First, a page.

Menlo Security has been closely monitoring an attack we are naming “Duri.” Duri leverages HTML smuggling to deliver malicious files to users’ endpoints by evading network security solutions such as sandboxes and legacy proxies. Isolation prevents this attack from infecting the endpoint. Here’s what we know.
According to our observations, the Duri campaign started in the beginning of July and is currently active. Earlier this month, we identified a user’s visit to a website and subsequent file download, which was blocked because it was suspicious. Upon investigation, we discovered that the file was downloaded through HTML smuggling.Traditional network security solutions such as proxies, firewalls, and sandboxes rely on the transfer of objects over the wire. For example, a sandbox might extract file objects such as .exe, .zip, and other suspicious objects from the wire and then send them to the sandbox for detonation. With Duri, the entire payload is constructed on the client side (browser), so no objects are transferred over the wire for the sandbox to inspect.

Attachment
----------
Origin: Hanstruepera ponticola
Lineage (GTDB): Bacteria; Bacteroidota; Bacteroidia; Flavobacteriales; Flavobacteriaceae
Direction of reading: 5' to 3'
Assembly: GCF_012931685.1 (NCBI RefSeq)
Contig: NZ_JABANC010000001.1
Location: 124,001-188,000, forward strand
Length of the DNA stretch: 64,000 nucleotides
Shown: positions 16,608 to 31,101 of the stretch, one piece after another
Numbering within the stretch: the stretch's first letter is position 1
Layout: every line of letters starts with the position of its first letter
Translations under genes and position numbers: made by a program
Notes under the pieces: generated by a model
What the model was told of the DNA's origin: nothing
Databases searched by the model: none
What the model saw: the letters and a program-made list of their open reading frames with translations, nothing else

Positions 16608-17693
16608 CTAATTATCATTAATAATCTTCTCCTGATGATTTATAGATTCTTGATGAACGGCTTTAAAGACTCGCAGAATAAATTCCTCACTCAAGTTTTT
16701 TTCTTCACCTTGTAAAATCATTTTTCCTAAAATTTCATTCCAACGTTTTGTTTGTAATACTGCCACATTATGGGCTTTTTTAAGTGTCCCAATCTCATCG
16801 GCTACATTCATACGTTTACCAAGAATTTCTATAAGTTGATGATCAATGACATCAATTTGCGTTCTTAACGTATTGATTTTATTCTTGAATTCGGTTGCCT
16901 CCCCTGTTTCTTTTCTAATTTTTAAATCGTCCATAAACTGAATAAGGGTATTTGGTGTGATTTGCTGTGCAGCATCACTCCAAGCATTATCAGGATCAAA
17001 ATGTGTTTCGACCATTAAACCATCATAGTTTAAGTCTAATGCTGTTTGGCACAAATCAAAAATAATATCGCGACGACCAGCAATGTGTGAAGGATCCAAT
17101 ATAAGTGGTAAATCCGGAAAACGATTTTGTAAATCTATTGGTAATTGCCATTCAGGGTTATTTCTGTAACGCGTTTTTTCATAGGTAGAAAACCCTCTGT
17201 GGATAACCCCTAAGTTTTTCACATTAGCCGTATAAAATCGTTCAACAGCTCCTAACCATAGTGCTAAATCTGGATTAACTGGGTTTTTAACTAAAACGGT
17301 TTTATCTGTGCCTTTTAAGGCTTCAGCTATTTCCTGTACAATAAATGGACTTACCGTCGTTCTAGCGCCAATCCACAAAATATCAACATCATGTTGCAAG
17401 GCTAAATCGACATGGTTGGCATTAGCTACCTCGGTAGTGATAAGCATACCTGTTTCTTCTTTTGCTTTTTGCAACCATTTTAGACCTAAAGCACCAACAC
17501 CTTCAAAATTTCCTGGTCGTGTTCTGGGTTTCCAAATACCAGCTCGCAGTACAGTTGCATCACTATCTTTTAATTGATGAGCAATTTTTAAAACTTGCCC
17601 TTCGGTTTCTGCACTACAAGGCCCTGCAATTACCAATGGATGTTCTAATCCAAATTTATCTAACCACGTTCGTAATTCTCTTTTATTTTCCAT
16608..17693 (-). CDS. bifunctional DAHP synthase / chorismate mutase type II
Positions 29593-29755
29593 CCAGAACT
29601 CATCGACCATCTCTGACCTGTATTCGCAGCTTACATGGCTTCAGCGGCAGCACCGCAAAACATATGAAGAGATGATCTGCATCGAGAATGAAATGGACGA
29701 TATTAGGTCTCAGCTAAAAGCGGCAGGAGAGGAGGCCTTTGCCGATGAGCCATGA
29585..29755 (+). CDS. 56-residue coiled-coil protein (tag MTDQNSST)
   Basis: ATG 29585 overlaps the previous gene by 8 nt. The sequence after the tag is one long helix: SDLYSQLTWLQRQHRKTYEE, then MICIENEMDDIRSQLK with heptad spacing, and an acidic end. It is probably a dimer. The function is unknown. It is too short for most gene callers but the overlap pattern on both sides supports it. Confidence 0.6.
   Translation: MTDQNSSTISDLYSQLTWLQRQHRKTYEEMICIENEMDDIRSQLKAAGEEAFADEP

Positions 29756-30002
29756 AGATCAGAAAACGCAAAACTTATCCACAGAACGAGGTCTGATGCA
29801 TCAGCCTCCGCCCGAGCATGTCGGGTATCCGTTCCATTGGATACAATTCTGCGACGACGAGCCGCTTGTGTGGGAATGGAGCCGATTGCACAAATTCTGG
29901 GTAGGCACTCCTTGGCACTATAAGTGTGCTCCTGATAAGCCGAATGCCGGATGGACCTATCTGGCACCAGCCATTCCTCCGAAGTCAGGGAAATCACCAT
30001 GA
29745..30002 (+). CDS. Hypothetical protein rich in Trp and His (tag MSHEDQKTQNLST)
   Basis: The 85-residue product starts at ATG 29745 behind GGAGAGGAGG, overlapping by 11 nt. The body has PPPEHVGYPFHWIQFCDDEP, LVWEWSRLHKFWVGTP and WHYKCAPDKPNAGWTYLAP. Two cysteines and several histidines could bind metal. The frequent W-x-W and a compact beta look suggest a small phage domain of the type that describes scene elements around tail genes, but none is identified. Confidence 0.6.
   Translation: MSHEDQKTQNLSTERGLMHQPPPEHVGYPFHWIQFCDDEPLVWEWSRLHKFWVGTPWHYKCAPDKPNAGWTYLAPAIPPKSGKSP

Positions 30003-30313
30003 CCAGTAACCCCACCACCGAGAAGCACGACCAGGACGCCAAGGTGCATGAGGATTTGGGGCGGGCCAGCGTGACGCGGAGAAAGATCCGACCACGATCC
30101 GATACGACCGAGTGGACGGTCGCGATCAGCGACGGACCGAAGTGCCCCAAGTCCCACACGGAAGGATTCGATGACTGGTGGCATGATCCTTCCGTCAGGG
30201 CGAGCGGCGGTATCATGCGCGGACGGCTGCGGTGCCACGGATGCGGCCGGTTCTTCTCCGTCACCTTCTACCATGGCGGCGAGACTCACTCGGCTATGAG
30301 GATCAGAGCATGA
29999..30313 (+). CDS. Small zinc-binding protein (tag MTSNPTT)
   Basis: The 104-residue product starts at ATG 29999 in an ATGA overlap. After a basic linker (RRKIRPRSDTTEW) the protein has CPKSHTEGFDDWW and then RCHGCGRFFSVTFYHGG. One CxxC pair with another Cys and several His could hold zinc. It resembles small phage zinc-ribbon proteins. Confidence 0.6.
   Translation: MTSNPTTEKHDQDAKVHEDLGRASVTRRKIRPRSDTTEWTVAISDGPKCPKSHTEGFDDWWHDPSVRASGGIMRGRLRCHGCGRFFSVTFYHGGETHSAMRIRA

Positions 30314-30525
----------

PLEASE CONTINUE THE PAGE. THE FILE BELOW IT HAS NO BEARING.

The malware that Duri downloads is not new. According to Cisco, it has previously been delivered via Dropbox, but the attackers have now displaced Dropbox with other cloud hosting providers and have blended in the HTML smuggling technique to infect endpoints. We speculate that this change in tactic is being used to increase the success rate of compromised endpoints.
As seen above, a ZIP file is dynamically constructed from the blob object with MIME type as octet/stream and is downloaded to the endpoint. The user still needs to open the ZIP file and execute it.
The ZIP archive contains an MSI file [T1218.007]. The .msi file extension indicates that the file is a Microsoft Windows installer and contains the application and all of its dependencies.unzip PUVG OKZAGE SBKZXONA ETRWDDQGBL .zipArchive: PUVG OKZAGE SBKZXONA ETRWDDQGBL .zip inflating: PUVG OKZAGE SBKZXONA ETRWDDQGBL (869261) .msi file PUVG OKZAGE SBKZXONA ETRWDDQGBL (869261) .msiPUVG OKZAGE SBKZXONA ETRWDDQGBL (869261) .msi: Composite Document File V2 Document, Little Endian, Os: Windows.Examining the MSI file shows that there is an execute script code action defined in the custom action of the MSI contents:
The embedded JSCRIPT is obfuscated, and it performs the following actions upon invoke:
The extension in the URL is .jpg, but it is a ZIP file.